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Why Well-Being Programs Should Focus on All Areas of Wellness

Caring for the health and well-being of employees goes beyond just the physical aspects. The most effective well-being programs address multiple aspects of employee health—physical, emotional, social, clinical, and financial. Supporting health and well-being programs in the workplace is particularly important now as the pandemic continues to impact so many areas of our lives. Read on for our thoughts on why a holistic focus on many types of wellness is most effective.

With well-being, it’s all connected.

If there’s one thing we know after helping thousands of participants make lasting improvements to their overall health, it’s that the dimensions of well-being are all connected. Influencing one means taking a hard look at all of them. And when we do focus on one health objective, we’re likely to see benefits in additional areas.

Consider someone looking to lose weight. A one-dimensional approach might focus primarily on healthy eating and exercise. But that approach doesn’t consider the other aspects of a person’s life that may make it difficult to achieve weight loss goals.

For example, maybe they’re part of the “sandwich generation” with lots of caregiving responsibilities that leave little time to cook a healthy meal. Perhaps unrelenting work demands are causing them to stress-eat. Maybe they’re not getting enough sleep, which is scientifically proven to make us hungrier. Or, like so many people these days, they could be experiencing financial stress.

A well-being program that is truly holistic approaches health from all different aspects.

What are the significant areas of wellness employers should focus on?

Ultimately, employers who want happy, healthy and productive employees that stay with them long-term should support all areas of well-being. Here are some significant areas of wellness you can focus on, and how they may positively impact employees in other ways, too:

Emotional balance.

A recent report by Gallup finds that employees are more stressed than ever—even more so than at the beginning of the pandemic—and it’s leading to burnout. According to the American Psychological Association’s 2021 Work and Well-being Survey,  nearly 3 in 5 employees reported classic symptoms of burnout, including lack of interest, motivation, or energy (26%) and lack of effort at work (19%). A well-being program that provides free counseling through an Employee Assistance Program (EAP); access to mindfulness, stress management, and resilience tools; and support through text/chat mental health apps can help. And, if mental health improves, participants may be better able to engage in other healthy behaviors, like getting more restful sleep and finding more opportunities for movement throughout the day.

Read more about ways to improve mental health in the workplace here.

Physical health.

An increase in physical health—both from an exercise and nutrition standpoint—has ripple effects across other dimensions of well-being. Going back to our weight loss example, we know that losing weight often triggers other health benefits, like better sleep, more energy, reduced depression and anxiety, and potential discontinued use of high blood pressure or diabetes prescriptions. So helping employees increase physical activity—at home and at work—and focusing on nutrition will pay dividends in other areas of health.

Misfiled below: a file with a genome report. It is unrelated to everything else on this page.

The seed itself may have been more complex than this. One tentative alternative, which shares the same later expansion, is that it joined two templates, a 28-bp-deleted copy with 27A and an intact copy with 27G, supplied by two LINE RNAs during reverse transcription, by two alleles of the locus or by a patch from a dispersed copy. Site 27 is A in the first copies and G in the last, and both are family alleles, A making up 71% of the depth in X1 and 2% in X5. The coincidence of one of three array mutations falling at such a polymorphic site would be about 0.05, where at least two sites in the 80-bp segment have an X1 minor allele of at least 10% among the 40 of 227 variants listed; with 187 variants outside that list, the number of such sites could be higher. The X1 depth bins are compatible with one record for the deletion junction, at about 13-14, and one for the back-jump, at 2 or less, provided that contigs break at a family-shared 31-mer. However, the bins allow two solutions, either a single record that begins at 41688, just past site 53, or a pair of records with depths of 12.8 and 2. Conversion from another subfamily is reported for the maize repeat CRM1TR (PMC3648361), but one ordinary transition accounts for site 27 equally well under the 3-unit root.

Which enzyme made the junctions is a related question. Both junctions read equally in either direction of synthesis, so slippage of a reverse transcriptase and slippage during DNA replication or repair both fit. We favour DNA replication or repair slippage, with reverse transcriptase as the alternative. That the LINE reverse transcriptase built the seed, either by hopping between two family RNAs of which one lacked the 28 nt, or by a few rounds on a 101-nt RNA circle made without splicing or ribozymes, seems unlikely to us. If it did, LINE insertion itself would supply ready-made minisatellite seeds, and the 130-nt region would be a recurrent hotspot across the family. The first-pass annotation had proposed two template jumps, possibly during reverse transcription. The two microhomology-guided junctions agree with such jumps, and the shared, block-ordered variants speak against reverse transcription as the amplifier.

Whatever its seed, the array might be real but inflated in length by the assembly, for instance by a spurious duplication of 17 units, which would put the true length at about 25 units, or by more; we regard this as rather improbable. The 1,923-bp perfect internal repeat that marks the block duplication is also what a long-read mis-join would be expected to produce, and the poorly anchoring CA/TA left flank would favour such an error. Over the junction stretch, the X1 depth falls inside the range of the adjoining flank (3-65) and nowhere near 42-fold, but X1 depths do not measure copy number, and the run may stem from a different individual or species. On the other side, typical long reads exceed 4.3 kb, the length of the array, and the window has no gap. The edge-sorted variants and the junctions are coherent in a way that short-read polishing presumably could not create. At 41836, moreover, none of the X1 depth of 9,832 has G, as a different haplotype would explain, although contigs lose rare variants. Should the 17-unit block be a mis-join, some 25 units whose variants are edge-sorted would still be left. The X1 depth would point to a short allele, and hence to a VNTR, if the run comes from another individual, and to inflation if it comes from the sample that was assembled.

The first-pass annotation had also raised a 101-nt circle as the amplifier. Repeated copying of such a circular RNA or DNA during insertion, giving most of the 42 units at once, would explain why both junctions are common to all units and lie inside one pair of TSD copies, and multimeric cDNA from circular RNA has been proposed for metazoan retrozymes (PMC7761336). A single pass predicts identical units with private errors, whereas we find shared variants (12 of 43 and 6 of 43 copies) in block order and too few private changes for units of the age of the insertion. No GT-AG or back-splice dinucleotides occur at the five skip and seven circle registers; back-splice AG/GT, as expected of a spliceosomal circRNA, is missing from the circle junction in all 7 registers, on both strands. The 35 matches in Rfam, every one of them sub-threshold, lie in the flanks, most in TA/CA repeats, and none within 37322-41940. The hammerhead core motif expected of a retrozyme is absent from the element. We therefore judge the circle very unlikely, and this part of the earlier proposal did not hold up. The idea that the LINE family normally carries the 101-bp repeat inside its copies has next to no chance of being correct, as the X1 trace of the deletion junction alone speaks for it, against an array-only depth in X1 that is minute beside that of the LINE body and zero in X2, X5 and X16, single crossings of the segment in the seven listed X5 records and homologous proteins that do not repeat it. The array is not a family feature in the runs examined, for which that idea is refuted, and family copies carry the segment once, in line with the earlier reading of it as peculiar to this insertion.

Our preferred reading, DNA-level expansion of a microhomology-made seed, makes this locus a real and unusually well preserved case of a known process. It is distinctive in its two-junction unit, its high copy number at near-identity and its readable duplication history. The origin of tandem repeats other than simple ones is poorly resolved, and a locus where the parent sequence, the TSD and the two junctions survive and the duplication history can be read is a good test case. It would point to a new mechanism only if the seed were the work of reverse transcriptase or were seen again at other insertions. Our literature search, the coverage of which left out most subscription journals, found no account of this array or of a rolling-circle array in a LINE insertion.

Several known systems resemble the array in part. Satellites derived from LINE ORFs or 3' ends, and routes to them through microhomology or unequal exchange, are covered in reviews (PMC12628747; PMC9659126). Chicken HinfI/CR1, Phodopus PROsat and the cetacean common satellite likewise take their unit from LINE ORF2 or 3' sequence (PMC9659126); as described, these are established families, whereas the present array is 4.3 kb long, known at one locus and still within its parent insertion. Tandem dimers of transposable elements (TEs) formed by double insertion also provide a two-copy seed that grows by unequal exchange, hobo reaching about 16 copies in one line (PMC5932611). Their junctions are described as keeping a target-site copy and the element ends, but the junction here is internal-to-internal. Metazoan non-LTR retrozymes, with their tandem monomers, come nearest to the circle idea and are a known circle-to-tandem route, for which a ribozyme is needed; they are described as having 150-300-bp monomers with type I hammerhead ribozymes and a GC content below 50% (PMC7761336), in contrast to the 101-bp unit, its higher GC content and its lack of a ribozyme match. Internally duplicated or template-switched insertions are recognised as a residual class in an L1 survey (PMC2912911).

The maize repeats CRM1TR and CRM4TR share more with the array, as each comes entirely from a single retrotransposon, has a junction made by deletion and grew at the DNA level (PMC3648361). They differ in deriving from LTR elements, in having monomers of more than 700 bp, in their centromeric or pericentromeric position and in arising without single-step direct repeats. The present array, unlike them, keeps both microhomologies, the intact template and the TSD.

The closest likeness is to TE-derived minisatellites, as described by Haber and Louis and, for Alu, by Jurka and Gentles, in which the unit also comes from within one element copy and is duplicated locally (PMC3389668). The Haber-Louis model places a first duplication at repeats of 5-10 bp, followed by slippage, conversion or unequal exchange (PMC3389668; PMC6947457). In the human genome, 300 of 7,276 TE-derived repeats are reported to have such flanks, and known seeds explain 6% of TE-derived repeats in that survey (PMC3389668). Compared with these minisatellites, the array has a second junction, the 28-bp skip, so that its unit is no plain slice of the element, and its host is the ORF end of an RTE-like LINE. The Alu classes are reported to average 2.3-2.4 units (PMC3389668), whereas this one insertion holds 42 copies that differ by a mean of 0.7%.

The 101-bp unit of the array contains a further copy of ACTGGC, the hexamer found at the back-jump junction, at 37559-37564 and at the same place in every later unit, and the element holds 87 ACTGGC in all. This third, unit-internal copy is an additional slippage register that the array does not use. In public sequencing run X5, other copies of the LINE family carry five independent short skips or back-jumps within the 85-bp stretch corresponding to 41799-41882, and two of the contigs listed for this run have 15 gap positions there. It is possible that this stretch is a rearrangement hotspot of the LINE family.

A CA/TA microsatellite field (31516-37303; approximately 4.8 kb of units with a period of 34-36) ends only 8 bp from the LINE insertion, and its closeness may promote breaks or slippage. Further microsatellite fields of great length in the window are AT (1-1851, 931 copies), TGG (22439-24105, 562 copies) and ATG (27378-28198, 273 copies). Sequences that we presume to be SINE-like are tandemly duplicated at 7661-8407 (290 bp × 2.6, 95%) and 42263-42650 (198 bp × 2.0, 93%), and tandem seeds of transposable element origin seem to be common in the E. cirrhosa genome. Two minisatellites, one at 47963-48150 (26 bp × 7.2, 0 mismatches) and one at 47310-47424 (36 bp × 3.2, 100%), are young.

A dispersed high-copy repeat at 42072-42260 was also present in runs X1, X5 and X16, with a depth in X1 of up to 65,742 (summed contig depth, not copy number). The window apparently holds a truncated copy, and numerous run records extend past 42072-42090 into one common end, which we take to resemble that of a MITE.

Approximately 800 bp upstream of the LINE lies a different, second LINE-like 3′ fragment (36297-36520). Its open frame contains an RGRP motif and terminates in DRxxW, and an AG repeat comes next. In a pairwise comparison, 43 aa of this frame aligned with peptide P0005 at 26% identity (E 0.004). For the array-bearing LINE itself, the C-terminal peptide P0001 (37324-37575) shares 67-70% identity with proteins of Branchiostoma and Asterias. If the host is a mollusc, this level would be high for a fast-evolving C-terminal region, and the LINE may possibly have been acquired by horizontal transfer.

Read more about health coaching for employees here.

Clinical management.

In addition to the physical health challenges they experience, people with chronic conditions like cancer, heart disease, or diabetes may be more likely to have or develop a mental health condition.1 That’s why it’s so important to couple the clinical or condition management aspects of a well-being program with support for mental health. And again, when people are feeling better emotionally, they may be better able to do things like adhere to a medication protocol or even be open to other ways of treating their condition through diet and exercise.

Read more about supporting employees with chronic conditions here.

Social connections.

Loneliness and detachment from community life have been a problem in the U.S. for some time now. Layer on pandemic-related isolation, and you begin to realize why keeping up social connections is an increasingly important part of a well-being program. In addition to the fact that humans are naturally social creatures, social connection leads to increased happiness, better physical health, and even a longer life.2 That’s why employers must intentionally offer coworkers ways to engage with one another–in-person or even virtually. Wellness challenges are great ways to foster this type of connection.

Read more about the importance of staying connected here.

Financial security.

Financial stress and money worries can have a major impact on employees’ mental health, sleep, self-esteem, physical health, relationships, and productivity and attendance at work. So, the effects of offering financial wellness programs as part of a well-being strategy will be felt across many dimensions of health. And it may also have a significant impact on worker productivity, since financially stressed employees spend nearly three hours or more handling financial matters during the workday.

Read more about the importance of financial wellness here.

In today’s complicated world, the importance of wellness for your employees can’t be overlooked. The good news is that the benefits of well-being programs will not only be felt by the individual, but also by the business. After all, an employee who is healthier in mind and body is, quite simply, a more productive employee. For help ensuring that your well-being program is holistic, visit our website or contact us at connect@webmd.net.

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